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Grave Matters: Union Cemetery

Markers of Revolutionary War vets restored

June 1, 2012
By Evan Bevins (ebevins@mariettatimes.com) , The Marietta Times

Local volunteers recently worked to restore the markers for a pair of Revolutionary War veterans buried in Union Cemetery, a Fairfield Township graveyard where people are still laid to rest today.

Members of the Marietta Chapter of the Sons of the American Revolution cleaned the stone for Thomas Perry, a New Jersey native who settled in Palmer Township in 1825, May 4 with the help of Steve Hanson, a trustee for Windsor Township in Morgan County. Rain prevented them from reassembling the stone, which had broken in half, but Jean Yost, president of the chapter, said they plan to finish the job soon.

"The pieces match up well, so we should be able to get it back up without any problem," he said.

Article Photos

Photos submitted by Jean Yost.
David White, vice president of the local chapter of the Sons of the American Revolution, left, and Windsor Township Trustee Steve Hanson work to restore the grave marker of Revolutionary War veteran Thomas Perry on May 4 at Union Cemetery in Fairfield Township.

Hanson took a course on marker restoration from an Indiana-based company called Graveyard Groomer. He became interested in the practice after locating some family members' stones that had fallen into disrepair and because of his duties with the township, which is responsible for multiple cemeteries.

"It just looked awful disrespectful to the dead people if we left (the markers) laying where they were," Hanson said.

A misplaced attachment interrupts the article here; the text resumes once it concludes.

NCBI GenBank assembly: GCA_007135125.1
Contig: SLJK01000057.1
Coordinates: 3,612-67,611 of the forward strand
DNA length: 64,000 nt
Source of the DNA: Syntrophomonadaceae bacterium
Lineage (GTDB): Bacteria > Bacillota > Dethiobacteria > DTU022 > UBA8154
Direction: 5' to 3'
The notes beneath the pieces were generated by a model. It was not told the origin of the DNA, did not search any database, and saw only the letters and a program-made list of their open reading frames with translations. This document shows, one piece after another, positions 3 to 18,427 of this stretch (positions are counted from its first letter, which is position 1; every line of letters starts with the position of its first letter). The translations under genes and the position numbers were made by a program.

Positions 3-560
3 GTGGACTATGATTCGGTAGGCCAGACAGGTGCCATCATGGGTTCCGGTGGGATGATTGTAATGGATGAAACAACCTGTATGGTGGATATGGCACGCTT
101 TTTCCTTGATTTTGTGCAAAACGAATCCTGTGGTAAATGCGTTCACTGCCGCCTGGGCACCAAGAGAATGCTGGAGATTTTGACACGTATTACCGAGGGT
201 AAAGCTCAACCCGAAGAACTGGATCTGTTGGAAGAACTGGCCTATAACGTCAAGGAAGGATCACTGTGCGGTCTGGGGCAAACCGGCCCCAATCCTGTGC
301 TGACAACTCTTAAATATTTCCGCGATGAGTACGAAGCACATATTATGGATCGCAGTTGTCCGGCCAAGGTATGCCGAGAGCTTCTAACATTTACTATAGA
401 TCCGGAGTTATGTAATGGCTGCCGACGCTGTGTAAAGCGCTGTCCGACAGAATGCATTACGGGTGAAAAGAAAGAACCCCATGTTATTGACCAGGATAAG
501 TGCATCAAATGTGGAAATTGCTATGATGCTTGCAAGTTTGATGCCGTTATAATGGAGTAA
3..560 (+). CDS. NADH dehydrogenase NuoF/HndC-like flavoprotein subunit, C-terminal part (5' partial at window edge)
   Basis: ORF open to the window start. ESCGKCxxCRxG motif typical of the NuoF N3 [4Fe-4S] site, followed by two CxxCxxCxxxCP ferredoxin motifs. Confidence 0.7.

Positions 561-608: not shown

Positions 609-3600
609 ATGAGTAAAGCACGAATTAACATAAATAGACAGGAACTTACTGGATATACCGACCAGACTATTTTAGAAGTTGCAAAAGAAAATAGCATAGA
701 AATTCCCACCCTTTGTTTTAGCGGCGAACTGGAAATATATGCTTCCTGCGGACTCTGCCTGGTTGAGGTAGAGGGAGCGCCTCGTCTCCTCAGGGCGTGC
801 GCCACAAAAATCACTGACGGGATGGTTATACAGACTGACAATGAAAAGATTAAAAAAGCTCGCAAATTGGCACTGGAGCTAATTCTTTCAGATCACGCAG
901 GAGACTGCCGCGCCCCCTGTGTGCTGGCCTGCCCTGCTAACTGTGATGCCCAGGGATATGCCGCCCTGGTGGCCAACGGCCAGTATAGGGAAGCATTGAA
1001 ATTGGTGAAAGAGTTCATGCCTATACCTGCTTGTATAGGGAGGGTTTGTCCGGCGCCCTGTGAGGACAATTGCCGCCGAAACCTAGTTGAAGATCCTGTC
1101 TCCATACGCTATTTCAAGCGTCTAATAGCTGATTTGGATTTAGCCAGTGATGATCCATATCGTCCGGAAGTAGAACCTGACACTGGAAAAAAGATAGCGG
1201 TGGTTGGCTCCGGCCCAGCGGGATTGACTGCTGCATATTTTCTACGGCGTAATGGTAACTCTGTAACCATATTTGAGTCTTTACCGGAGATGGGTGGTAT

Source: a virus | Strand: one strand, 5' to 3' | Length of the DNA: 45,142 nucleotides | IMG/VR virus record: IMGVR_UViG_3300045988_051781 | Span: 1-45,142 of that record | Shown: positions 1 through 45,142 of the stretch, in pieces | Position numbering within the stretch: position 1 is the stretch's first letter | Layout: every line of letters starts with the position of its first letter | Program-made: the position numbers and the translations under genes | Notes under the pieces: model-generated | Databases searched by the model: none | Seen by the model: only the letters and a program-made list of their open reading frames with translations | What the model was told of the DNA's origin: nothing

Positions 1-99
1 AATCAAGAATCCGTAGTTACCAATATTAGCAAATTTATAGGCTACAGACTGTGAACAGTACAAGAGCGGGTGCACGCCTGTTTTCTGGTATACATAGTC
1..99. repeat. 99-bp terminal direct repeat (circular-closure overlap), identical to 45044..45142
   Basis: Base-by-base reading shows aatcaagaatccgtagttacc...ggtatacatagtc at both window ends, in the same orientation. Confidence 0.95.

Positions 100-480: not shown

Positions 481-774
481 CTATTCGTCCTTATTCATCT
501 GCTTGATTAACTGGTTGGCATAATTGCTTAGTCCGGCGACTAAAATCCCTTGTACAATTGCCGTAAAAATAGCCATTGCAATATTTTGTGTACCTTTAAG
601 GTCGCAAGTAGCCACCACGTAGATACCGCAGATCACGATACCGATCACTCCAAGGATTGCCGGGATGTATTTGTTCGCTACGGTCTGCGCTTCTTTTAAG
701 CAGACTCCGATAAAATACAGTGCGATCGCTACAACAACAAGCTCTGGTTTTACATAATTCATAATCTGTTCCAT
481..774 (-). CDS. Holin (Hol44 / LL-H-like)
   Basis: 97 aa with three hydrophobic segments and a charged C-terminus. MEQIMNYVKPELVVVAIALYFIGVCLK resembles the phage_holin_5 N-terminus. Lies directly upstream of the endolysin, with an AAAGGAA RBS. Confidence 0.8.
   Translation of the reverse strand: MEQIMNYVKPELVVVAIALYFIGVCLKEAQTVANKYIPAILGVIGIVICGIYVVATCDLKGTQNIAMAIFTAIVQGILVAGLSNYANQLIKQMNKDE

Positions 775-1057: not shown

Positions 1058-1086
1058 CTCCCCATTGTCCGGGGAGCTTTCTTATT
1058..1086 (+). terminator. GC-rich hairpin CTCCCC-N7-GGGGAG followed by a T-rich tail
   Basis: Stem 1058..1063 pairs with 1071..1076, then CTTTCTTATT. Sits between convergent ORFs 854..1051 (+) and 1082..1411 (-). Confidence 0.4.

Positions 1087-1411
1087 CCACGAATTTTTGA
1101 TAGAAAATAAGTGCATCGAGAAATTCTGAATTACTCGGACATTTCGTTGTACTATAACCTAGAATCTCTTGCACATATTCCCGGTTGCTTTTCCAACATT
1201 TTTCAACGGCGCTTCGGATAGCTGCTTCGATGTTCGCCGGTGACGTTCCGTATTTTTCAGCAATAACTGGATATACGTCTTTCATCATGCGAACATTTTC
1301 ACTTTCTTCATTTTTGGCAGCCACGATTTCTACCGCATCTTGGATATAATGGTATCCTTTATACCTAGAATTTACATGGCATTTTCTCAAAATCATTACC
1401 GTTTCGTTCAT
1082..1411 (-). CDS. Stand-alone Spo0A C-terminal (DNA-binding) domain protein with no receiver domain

On the same day they worked on Perry's marker, the group also straightened the headstone of Thomas Lake, which was tilting at about a 60-degree angle because of a tree root pressing against it, Yost said.

Fact Box

Union Cemetery

- Location: Union Cemetery Road off Ohio 550 west of Layman.

- Alternate name: Fairfield Universalist.

- Cared for by: Fairfield Township trustees.

- Most recent burial: April 2012.

Source: Times research.

"We dug down about two-and-a-half, almost three feet deep to the bottom of his stone to straighten it," Yost said.

A marker at his gravesite indicates Lake served in the Revolutionary War, as did his parents, Mary (Bird) and Archibald Lake.

"Both his father and mother served in a military hospital" in New York, Yost said. "I've read several places that George Washington commended (Mary Lake) a number of times because of her service to the troops."

Mary Lake is also known as the first teacher in the Marietta area, a job she took on at Campus Martius.

Some records suggest Mary Lake is buried alongside her son in Union Cemetery, but Yost said it appears she was actually laid to rest in Rainbow Cemetery in Lowell, where a marker bears her name. She died in 1796, before people would have settled the area where Union Cemetery is located.

"There wasn't anybody living in Fairfield ... in 1796," he said.

Situated on Union Cemetery Road off Ohio 550 west of Layman, the cemetery was once known as the Fairfield Universalist Cemetery, according to records at the Washington County Public Library's Local History and Genealogy Branch. The church, which is no longer there, once housed a Universalist congregation but was built in 1867 as a union church, meaning it served more than one denomination, according to "Williams' History of Washington County."

While that's the earliest reference to the church, there are burials at the cemetery that predate it. At least one is for a person who died in 1823. Yost said there could have been another church there prior to it becoming a union site.

The cemetery has a number of family connections for Yost, whose aunt, Ruth Varner, was laid to rest there in April.

More than 200 people were interred at Union Cemetery in 1969, when a reading of the gravestones was recorded. The precise number today wasn't immediately available.

Fairfield Township Trustee Larry Miskimins said it isn't unusual for people to be laid to rest at Union, but it's not a common occurrence either.

"Since I've been a trustee (20 years), we've probably buried six in there or so," he said.

The township maintains Union and two other cemeteries through its cemetery fund, which is supplemented by donations and bequests, Miskimins said.

 
 

 

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